ARNOLDSBURG BRIDGE TUMBLES INTO WEST FORK (1962) - Intoxicated Men Claim They Knocked It Down


Photo courtesy of Jim Sturm

1962 Newspaper Account by Bob Weaver: Times Record

Two Spencer men, both intoxicated, claimed to have knocked the Arnoldsburg bridge from its moorings last Thursday, causing it to collapse in the West Fork of the Little Kanawha.

An intoxicated passenger said, "My god, look what we did," almost bragging.

The driver of the vehicle, Hugh Simmons, was not drinking, according to Calhoun County State Police.

Greyhound buses, Calhoun school buses, tractor trailers and several hundred passenger cars crossed the 54-year-old bridge on U.S. 33-119 earlier in the day.

Police cast doubt on the men's claims of knocking down the bridge, but both were arrested and held in the Grantsville jail for twenty days. No one was injured when the bridge collapsed.

Paul Fleming, Arnoldsburg drilling contractor, heard the bridge go down and went to the scene. "It went down rather quietly," said Fleming, who lives nearby.

"I chained the car to keep it from going on down," he said, climbing down to assist the victims.

Fleming then used his CB radio to call Gifford Weaver at Hur who called the Sinnett Funeral Home in Spencer to alert emergency services.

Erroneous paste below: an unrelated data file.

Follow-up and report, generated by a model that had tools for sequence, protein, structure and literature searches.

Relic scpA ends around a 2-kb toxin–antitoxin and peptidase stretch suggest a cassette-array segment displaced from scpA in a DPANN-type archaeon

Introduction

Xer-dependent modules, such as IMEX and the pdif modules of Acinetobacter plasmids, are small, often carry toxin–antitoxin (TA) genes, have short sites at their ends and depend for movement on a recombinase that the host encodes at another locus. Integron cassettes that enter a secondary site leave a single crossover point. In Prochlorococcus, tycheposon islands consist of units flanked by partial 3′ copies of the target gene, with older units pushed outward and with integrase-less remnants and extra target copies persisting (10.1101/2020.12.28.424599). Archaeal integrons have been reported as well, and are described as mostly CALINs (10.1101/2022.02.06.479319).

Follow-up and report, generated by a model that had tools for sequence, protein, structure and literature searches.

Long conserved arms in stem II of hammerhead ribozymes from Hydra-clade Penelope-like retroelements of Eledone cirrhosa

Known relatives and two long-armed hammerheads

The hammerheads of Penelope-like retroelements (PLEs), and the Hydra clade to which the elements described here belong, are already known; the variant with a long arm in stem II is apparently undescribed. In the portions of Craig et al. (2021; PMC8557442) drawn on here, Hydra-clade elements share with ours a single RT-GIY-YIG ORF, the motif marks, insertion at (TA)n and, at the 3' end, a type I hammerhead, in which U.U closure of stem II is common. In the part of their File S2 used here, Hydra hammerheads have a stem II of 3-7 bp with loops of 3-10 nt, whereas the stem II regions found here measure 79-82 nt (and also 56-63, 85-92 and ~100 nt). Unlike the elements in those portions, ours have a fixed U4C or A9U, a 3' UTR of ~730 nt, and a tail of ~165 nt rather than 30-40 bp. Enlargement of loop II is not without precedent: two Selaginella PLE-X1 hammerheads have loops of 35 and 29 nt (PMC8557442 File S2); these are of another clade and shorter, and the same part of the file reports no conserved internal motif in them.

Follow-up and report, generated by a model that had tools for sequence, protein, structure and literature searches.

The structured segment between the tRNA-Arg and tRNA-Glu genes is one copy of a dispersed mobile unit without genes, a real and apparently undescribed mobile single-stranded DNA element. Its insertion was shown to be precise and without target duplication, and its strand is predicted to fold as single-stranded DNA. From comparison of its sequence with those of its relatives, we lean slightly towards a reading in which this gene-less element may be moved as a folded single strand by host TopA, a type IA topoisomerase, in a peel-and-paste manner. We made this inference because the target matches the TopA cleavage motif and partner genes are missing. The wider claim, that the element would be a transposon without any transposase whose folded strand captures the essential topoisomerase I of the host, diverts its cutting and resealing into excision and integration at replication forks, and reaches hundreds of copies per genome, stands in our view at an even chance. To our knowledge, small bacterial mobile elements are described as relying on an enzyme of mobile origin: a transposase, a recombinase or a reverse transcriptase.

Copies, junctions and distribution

Such experiences are nothing new for Fleming, who has aided victims of the hairpin curve on the Arnoldsburg end of the bridge "More times than I can remember."

He said drivers always seemed to be piling their car against the bridge, going through the railings, driving into the river or meeting another car head-on on the one-way bridge.

A strange angle, The State Road Commission advertised for bids to replace the structure earlier in the morning. A new bridge had been proposed for some time.

Meanwhile, the tremendous volume of traffic has been detoured through Beech and Jesse's Run Road, but larger vehicles are required to return to Clay and travel to Spencer via State Route 36.

Fleming claimed the intoxicated men bragged aloud about knocking down the bridge, but he said the front end of the car received minimal damage. "It was just ready to go, I think," he said.

Editor's Note: The recalling of the collapsed Arnoldsburg bridge from 1962 was prompted by a news story today saying 41% of West Virginia bridges are "functionally obsolete and structurally deficient" by the Division of Highways, most of them on two-lane roads. There are 2,639 that might end up like the old Arnoldsburg bridge.